Supreme Court approval drops to 40 percent, hitting a new low: Gallup

Supreme Court approval drops to 40 percent, hitting a new low: Gallup
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Approval of the U.S. Supreme Court fell to a new low of 40 percent this month, according to a new poll released by Gallup on Thursday.

The surveys were conducted from Sept. 1-17, around the time the Supreme Court declined to block an extremely restrictive Texas abortion law as well as allow college vaccine mandates to continue, Gallup noted.

At 53 percent, a slight majority of respondents said they disapproved of the Supreme Court.

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Since 2001, the high court's approval rating has dipped as low as 42 percent in 2005 and 2017. In July 2020, the court had an approval rating of 49 percent, marking a drop of nearly 10 percentage points within the span of just a couple of months.

"Americans' opinions of the Supreme Court are now the worst Gallup has measured in its polling on the institution over the past two-plus decades," Gallup said. "At this point, less than a majority of Republicans, Democrats and independents approve of the job the court is doing. Barely half of Democrats and independents are confident in it, while confidence is slightly higher among Republicans."

The survey also found a sharp decline in the amount of Americans who say they have confidence in the Supreme Court. In 2020, 67 percent said they had "a great deal" or "fair amount" of trust in the judicial branch, but according to the more recent survey only 54 percent now say the same.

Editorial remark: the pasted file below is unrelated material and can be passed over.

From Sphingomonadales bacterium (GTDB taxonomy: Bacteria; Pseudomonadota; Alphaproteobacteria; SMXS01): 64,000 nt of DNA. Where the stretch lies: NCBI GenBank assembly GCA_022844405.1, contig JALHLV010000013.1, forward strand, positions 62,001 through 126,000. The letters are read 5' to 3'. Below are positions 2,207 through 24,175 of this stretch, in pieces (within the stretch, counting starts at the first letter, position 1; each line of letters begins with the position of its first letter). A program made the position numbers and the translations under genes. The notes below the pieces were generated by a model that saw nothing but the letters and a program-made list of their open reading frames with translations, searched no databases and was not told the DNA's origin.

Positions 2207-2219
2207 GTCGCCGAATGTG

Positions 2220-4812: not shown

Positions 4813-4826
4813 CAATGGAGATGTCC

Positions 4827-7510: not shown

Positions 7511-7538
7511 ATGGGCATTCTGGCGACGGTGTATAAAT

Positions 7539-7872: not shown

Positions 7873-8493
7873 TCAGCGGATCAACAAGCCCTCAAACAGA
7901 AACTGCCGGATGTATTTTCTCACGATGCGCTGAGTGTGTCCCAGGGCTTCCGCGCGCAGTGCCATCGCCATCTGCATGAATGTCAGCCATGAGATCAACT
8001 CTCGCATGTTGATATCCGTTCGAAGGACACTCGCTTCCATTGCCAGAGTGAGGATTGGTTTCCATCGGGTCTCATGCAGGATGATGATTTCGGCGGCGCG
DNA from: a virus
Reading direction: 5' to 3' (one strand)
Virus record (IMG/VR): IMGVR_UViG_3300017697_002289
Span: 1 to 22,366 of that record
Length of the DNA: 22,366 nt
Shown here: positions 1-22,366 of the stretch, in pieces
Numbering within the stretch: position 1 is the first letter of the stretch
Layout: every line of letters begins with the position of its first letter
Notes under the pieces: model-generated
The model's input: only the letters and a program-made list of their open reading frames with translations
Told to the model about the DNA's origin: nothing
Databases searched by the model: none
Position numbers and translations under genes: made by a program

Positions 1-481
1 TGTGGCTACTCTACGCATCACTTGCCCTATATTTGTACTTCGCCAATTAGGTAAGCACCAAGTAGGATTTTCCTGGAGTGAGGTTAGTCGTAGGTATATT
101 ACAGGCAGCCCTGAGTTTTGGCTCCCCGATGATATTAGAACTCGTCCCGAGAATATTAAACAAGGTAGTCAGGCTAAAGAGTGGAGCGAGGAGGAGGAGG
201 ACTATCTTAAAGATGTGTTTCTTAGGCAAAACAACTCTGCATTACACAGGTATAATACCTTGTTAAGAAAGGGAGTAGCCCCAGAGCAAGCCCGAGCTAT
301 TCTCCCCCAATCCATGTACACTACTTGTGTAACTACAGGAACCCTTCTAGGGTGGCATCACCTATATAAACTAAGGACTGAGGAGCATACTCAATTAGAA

Gallup also noted this new low was recorded a little over a year after the court had an approval rating of 58 percent, just 3 percentage points shy of the highest approval rating it has seen with Gallup.

When it came to political opinions of the court, 40 percent of respondents said it was "Too conservative" while 20 percent said it was "Too liberal." Of the remainder, 37 percent said the court was "about right." Gallup noted that this appraisal was largely affected by individual political leanings, with Republican more likely to say that the court is "about right."

The Gallup conducted a random survey of 1,005 adults in all 50 U.S. states and Washington, D.C. The results have a margin of error of plus or minus 4 percentage points with a 95 percent confidence level.

Gallup's poll follows a Quinnipiac University survey released last week that also found the Supreme Court had an all-time low approval rating, with only 37 percent saying they approved. This marked the lowest rating since Quinnipiac began recording approval ratings in 2004.